WHILE it may be impossible to rid the world of bullying, understanding it may help us to counter this social issue and create a safer space for children.
Renowned content creator Arwind Kumar believes that a zero-bully atmosphere is realistically unachievable, but he nevertheless wishes to spread the message that kindness goes a long way in helping bully victims.
Arwind will be sharing his experiences and message this Saturday at a StarLIVE talk titled “Understanding the Science Behind Bullying and How to Counter It”, from 10am to noon at Petrosains, The Discovery Centre, Suria KLCC.
This talk is part of the #StandTogether bullying prevention campaign jointly organised by R.AGE and SP Setia with the aim of creating an annual National Kindness Week in schools every first week of April.
Arwind will be joined by two other speakers – renowned Malaysian crime analyst Kamal Affandi Hashim and International Medical University (IMU) psychologist Alexius Cheang, who will each approach the topic from different angles.
“You cannot take away the darkness from the world, but you can create an atmosphere for them to stand up for themselves,” said Arwind, who has nearly 350,000 followers on Facebook.
Known for his comedy roasts through his “Mak Cik Roast-mah” persona, Arwind experienced vicious bullying in school over his flamboyant personality and tendency to hang out with mostly female friends.
At the time, no one stood up for him out of fear of retaliation from the bullies. Even the teachers at his all-boys secondary school did not dare to intervene, as some had had their cars vandalised by students in the past.
“I honestly did not know how to cope at the time, but I told myself that someday it will end,” he said, adding that the experience made him a stronger person.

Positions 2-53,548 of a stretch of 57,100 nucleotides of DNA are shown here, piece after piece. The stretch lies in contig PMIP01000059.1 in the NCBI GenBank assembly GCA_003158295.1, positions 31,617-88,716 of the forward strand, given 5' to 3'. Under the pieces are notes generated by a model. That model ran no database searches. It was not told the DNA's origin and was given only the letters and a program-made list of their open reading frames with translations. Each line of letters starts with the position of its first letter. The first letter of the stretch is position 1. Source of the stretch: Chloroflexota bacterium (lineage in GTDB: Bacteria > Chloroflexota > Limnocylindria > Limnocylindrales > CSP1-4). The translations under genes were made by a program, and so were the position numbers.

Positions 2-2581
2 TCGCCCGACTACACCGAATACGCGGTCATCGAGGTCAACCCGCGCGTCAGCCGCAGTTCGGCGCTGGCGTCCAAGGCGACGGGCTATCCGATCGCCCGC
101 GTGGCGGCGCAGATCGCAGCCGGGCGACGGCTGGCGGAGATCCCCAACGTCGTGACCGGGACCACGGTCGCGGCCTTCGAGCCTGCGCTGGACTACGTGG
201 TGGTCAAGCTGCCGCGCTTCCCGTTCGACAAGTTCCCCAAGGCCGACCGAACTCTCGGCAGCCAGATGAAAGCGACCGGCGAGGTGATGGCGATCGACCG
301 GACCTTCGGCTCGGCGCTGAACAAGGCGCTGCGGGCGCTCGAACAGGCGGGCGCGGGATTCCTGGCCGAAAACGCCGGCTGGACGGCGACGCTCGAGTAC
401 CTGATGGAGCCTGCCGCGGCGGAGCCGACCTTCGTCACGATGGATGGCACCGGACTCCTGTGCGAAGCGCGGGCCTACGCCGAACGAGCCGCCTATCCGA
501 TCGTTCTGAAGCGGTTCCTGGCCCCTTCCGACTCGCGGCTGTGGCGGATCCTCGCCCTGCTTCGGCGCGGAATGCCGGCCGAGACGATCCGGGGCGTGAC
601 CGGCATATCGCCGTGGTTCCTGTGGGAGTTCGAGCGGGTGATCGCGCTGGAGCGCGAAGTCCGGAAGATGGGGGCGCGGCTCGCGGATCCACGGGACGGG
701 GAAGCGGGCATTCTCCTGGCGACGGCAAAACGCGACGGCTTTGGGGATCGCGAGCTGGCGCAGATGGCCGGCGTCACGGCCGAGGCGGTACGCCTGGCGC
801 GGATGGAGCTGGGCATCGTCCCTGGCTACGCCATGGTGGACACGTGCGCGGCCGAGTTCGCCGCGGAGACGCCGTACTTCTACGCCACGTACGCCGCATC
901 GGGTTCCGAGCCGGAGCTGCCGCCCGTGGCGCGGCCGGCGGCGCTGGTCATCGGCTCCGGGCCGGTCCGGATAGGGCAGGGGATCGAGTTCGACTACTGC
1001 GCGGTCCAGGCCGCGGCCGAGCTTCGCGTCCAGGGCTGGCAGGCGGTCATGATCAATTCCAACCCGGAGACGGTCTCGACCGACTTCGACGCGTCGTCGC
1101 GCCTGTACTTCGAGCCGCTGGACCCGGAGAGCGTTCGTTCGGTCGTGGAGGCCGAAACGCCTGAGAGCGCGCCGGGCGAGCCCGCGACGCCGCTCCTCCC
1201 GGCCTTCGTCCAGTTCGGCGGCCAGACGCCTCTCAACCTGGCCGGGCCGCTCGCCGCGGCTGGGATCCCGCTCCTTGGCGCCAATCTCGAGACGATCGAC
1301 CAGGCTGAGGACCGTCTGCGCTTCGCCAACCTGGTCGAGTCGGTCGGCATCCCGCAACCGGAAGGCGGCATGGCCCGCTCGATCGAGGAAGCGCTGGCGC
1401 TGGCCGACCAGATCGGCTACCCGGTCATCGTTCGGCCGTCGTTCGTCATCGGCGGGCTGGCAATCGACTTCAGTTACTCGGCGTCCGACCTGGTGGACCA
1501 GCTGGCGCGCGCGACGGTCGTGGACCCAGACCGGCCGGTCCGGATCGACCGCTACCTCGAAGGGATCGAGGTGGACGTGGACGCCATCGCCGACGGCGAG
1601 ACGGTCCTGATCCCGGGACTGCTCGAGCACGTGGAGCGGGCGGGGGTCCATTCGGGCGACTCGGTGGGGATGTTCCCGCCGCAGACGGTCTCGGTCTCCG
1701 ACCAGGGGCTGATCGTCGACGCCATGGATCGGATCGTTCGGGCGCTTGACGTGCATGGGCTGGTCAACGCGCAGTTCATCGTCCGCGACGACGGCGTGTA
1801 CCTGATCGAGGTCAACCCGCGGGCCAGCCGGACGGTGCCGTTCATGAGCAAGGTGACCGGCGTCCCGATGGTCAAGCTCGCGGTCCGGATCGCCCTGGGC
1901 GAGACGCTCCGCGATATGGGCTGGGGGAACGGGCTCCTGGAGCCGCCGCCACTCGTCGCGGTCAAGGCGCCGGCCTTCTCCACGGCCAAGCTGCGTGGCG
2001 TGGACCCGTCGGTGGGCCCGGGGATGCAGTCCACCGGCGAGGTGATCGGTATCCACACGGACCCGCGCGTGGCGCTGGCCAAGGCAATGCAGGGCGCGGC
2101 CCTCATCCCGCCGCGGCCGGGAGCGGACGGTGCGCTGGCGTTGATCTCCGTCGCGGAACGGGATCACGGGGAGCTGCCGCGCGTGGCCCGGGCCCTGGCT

Arwind also found himself subjected to cyberbullying when he made and uploaded his first videos for fun, but reading just one kind comment amid all the negativity was what kept him going.
“That one nice comment overshadowed all the negative comments and it made me feel good to know that I made someone’s day,” he added.
The second speaker, Kamal, will approach the topic using his years of experience in crime investigation and criminology to analyse what goes on in the mind of a bully.
A former crime investigator with the police and Asia’s first crime analyst with a criminology background, he is an exco member of the Malaysian Crime Prevention Foundation (MCPF) who regularly appears on television for his expertise.
His segment will touch on how bullies choose their targets and what empowers them to continue bullying.
“Many victims do not want to lodge reports because they would appear to be weak, but this is what gives the bully confidence to do it again,” he said.
“In a way, this allows the perpetrator to believe that they are allowed to do so. Your assailant will get stronger through you not reporting.”
Kamal will also touch on more concrete solutions to curbing bullying culture such as what can be done in terms of the law.
Lastly, Cheang will be looking at the dynamics between the three elements involved in bullying: the bully, the victim and the bystander.
He believes that the bystander is the one component that is often overlooked, and yet it is the most important component in changing the dynamics of bullying.
“The bully gains his social power from getting away with bullying,” he said, adding that bystanders often do not speak up out of fear of retaliation or uncertainty on how to act.
“However, bystanders outnumber both the victim and the bully. The mass can take social power away from the bully, whose biggest fear is to be embarrassed.”
Cheang will also use his interest in the applications of positive psychology to talk about empowering victims by building their self-esteem and confidence.
Rather than let a bullying incident define them, he said that we should be helping bully victims to develop hidden talents or skills that they could receive recognition for.
To achieve this, he said it was crucial for parents to encourage children to explore inklings of talent and help to develop them in a safe and respectful environment.
Admission to the StarLIVE talk is free, but limited on a first-come, first-served basis.
There will be refreshments and goodie bags for all guests, with specially curated items for audience members aged 17 and below.